The second method is much simpler. You will simply go to the DigitalOcean homepage and select Marketplace at the bottom left corner, search for Docker there and select Docker on Ubuntu directly. Since you would be using Docker to install the MindsDB server on our Droplet, instead of choosing a Ubuntu LTS distribution and then installing docker on top of it manually as done in the first method, with this method, you can do that directly.

Thereafter, using the configuration settings for the region, droplet type, CPU option, and authentication method similar to the ones in the first method, you will create the droplet. You can enable the Droplet Console to run operations in the top-right corner.

Regardless of the method used, you can test that Docker has been installed by running a simple Docker command such as:

docker run hello-world

This will download and run the "hello-world" Docker image, which will print a message to the console as shown below:

Note: You are using Docker containers to deploy MindsDB as opposed to deploying on the droplet directly because, with Docker, you get to combine software and related dependencies into a standardized unit for software development that includes everything it needs to run: code, runtime, system tools and libraries. This guarantees that your application will always run the same.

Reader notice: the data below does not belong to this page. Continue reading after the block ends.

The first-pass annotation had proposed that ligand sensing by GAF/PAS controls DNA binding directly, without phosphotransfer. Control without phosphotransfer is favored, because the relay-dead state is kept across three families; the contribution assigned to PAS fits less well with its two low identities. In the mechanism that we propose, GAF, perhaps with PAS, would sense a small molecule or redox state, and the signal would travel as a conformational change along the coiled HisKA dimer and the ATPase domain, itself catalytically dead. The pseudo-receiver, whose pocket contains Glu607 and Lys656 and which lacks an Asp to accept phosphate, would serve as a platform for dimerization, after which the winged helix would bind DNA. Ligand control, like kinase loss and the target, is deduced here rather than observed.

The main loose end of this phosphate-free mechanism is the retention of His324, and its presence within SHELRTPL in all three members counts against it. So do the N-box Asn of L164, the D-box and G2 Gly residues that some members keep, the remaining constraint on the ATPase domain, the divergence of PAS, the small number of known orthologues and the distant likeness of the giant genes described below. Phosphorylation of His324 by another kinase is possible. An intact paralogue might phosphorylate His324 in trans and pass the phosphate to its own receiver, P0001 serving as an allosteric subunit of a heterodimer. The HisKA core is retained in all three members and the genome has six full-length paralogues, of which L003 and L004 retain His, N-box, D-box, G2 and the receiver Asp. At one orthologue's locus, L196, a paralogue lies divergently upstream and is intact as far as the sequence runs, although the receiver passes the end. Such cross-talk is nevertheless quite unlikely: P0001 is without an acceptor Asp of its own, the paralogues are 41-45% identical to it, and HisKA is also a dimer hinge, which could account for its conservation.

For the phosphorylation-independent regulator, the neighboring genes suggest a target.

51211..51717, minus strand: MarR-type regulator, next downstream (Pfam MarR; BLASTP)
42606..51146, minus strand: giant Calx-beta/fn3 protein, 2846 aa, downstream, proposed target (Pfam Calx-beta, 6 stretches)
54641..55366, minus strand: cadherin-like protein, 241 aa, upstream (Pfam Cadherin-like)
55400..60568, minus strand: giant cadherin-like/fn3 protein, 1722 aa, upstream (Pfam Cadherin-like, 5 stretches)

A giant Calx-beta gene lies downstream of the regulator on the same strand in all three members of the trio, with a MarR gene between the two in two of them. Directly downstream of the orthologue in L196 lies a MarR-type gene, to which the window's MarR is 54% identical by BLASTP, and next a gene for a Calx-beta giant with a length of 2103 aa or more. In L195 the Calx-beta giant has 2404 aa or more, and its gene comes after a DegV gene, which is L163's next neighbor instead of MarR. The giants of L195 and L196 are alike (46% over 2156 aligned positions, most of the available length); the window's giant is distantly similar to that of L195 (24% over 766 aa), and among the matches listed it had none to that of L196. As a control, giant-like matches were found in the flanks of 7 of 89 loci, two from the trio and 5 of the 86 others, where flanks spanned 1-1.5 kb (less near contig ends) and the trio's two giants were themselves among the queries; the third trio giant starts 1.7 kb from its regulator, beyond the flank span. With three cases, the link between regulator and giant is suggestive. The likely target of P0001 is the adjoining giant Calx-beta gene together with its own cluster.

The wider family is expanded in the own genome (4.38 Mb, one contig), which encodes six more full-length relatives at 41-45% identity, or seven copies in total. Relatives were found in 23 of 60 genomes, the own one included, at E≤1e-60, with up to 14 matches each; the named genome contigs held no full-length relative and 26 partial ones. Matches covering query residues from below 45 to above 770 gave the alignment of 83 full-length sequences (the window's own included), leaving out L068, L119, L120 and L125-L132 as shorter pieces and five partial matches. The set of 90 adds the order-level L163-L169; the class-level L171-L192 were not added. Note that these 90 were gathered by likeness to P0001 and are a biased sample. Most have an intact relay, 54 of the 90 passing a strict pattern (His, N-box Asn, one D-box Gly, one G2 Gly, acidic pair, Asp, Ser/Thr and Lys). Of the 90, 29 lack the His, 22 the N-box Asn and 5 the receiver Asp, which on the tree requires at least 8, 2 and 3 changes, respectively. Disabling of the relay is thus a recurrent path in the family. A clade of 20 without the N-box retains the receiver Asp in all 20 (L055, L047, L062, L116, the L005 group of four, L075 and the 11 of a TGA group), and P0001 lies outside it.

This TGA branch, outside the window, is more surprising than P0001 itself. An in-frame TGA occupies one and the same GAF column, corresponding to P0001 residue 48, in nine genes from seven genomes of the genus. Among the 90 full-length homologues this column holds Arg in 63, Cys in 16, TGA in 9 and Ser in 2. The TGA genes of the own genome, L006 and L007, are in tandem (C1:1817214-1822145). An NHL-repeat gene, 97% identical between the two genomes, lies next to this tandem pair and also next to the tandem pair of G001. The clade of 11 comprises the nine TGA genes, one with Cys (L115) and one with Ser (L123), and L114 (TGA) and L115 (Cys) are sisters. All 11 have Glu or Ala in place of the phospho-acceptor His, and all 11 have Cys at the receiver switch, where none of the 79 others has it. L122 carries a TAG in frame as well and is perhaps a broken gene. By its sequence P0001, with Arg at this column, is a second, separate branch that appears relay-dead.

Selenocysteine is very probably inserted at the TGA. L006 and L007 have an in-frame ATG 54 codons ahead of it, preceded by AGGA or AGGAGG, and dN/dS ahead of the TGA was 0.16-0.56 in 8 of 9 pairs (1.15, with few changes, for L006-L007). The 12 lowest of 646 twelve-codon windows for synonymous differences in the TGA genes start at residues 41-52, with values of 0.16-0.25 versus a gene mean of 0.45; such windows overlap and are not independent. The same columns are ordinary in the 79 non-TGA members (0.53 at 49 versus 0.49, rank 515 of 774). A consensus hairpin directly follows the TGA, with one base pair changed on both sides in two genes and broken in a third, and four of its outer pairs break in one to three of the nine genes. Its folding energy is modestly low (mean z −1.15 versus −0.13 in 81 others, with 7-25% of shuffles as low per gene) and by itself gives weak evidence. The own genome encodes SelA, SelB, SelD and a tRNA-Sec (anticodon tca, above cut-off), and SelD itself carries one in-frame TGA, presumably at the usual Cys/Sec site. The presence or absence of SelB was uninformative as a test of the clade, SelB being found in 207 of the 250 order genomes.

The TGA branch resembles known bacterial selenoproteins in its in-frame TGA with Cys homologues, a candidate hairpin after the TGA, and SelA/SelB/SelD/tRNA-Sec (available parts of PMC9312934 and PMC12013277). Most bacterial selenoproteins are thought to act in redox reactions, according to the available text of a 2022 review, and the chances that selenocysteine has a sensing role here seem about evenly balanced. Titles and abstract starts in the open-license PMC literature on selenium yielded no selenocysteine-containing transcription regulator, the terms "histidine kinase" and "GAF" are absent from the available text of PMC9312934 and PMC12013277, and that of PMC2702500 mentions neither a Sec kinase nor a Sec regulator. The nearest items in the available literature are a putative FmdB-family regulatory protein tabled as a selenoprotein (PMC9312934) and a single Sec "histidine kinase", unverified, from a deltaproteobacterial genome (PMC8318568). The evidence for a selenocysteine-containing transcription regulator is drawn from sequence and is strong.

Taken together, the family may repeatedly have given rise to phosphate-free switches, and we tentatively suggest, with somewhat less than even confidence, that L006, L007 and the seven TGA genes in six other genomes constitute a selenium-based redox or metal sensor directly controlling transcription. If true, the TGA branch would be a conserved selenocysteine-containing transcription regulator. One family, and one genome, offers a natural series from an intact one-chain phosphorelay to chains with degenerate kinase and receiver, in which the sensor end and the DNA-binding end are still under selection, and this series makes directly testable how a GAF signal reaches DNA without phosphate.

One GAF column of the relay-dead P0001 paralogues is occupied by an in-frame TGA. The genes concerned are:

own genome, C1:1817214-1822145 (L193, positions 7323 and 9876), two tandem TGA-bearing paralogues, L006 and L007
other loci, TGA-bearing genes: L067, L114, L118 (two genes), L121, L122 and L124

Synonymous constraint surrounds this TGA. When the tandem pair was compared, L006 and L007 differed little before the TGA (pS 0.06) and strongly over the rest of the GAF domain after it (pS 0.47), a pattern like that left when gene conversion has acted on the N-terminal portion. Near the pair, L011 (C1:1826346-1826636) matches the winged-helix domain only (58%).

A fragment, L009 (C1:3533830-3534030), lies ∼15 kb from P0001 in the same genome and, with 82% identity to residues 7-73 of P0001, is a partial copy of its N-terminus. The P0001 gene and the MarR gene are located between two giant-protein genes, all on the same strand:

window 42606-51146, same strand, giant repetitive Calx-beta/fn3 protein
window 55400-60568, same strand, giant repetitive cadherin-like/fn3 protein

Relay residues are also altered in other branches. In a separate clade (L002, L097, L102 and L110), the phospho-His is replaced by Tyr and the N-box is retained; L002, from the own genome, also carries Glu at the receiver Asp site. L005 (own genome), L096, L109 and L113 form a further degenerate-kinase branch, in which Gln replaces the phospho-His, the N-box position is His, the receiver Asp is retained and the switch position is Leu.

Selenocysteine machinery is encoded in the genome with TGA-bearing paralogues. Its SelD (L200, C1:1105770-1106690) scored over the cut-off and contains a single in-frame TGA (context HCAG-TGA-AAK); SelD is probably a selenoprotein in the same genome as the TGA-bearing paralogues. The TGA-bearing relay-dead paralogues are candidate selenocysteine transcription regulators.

Step 2: Deploying MindsDB on the DigitalOcean Droplet

In this step, you will deploy the MindsDB server using the command line.

docker pull mindsdb/mindsdb

The line of code above should pull the latest production image of MindsDB to your Droplet and the output look like this:

With that done, you will publish the ports so that you can access the endpoints and communicate with the MindsDB server in your Droplets. As such, you will first expose the MindsDB GUI port running the commands below:

docker run -p 47334:47334 -p 47335:47335 mindsdb/mindsdb